This simple hardware hack adds a piano-style keyboard made of clothespins to your iPad. Photo: Adam Kumpf
The iPad is great for making music, but the lack of physical keys can be a drag for keyboardists. That shortcoming prompted Adam Kumpf to hack together a miniature piano attachment for the tablet using nothing more than wooden clothespins, aluminum foil, a few pieces of stiff cardboard and some rubber bands
Total cost? Less than $5.
Despite his creation’s humble DIY origins, Kumpf thinks the idea of iPad add-ons has the potential to take touchscreens to the next level.
“There’s an innate desire that users have to go beyond what the screen can usually do,” the 31-year-old MIT graduate tells Cult of Mac. “I strongly believe that there’s a world of accessories relating to capacitive touchscreens that’s just waiting to be explored.”
It’s been rumored that Apple will eventually introduce Near Fields Communications technology in an upcoming iPhone model, but speculation that such a technology will be implemented this year has been all but debunked.
If you’re itching for the ability to have NFC-like “wave and pay” capabilities on your iPhone 4, then it’s your lucky day. A simple hack has been discovered that turns your iPhone 4 into a NFC-capable device.
This is a huge hack: a plucky modder has resurrected a Macintosh SE/30 using a Seagate Dockstar, a small Linux server running a 1.2GHz ARM processor, a few USB 2.0 ports and 128MB of RAM. Not only does it work as a server, but in runs a Mac emulator, and even the floppy drive works… but it reads SD cards mounted on a floppy-shaped protoboard instead of ancient 5.25 discs! He even restored the Mac to pristine condition by bathing it in chemicals to return it to its vintage, unyellowed color. Amazing!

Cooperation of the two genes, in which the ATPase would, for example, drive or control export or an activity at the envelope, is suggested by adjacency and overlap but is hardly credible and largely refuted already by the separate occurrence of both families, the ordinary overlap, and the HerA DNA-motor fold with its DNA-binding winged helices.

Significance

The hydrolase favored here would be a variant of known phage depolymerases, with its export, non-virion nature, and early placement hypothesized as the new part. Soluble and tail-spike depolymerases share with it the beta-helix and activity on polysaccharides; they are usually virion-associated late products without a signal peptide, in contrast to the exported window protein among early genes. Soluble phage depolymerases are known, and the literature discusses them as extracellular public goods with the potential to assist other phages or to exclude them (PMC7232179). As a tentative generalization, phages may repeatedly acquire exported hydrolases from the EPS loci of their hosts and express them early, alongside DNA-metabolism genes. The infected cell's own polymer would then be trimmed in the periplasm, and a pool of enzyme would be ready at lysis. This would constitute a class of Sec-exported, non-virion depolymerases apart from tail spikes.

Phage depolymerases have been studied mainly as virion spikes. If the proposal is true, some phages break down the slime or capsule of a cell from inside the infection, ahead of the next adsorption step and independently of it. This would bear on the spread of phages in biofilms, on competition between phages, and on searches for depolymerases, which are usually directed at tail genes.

Laptop users usually have a strong preference for either glossy or matte displays, but unfortunately, if you buy an Apple notebook, you’d better get used to seeing reflections: all of Cupertino’s current notebooks save the 15- and 17-inch MacBook Pros come with displays of the glossy variety.
So what if you’re twitching for the new MacBook Air, but can’t stand seeing the translucent enantiomorph of your ugly mug overlaid on your desktop all the time? No problem: just call up TechRestore, send in your MacBook Air along with $250 bucks and they’ll rub some fine-grained sandpaper all over your glossy display until it nice and matted.
Sorry, we kid: in actuality, TechRestore will simply retrofit a matte display into your MacBook Air that is identical, spec-for-spec, with the stock one. Not worth a quarter grand to me personally, but then again, I’m a narcissist.
After scratching his head for awhile and wondering what to do with a Macintosh Classic II , Maker Matteo from Ithaca, New York repurposed his old faithful Mac into a shelf-top clock.
From appearances, it looks like the clock — which Matteo rather laughably calls “steampunk” in style — only came into being after its creator accidentally doused his Mac Classic in acid then shot with a bazooka, but the innards of the admittedly ugly timepiece work well enough: a 16MHz CPU, 4MB of RAM and a 20MB hard drive running MacOS 7 and a dozen different shareware and freeware clock programs, including one that counts down the seconds to Matteo’s death.
Yeah, it’s hideous, but we love it: this is just the kind of bizarro clock I can imagine discovering thirty years from now in the basement of an elderly and now quite eccentric Steve Wozniak. Great work, Matteo!
Mangin’s latest project might be his greatest triumph yet though: an iPhone ensconced in the hollowed out shell of its evolutionary predecessor, the venerable Apple Newton. Charles has yet to complete the project, but given his past successes, we’re confident he’ll succeed… but will he update the Newton’s stylus with a touch-capacitive tip for extra points?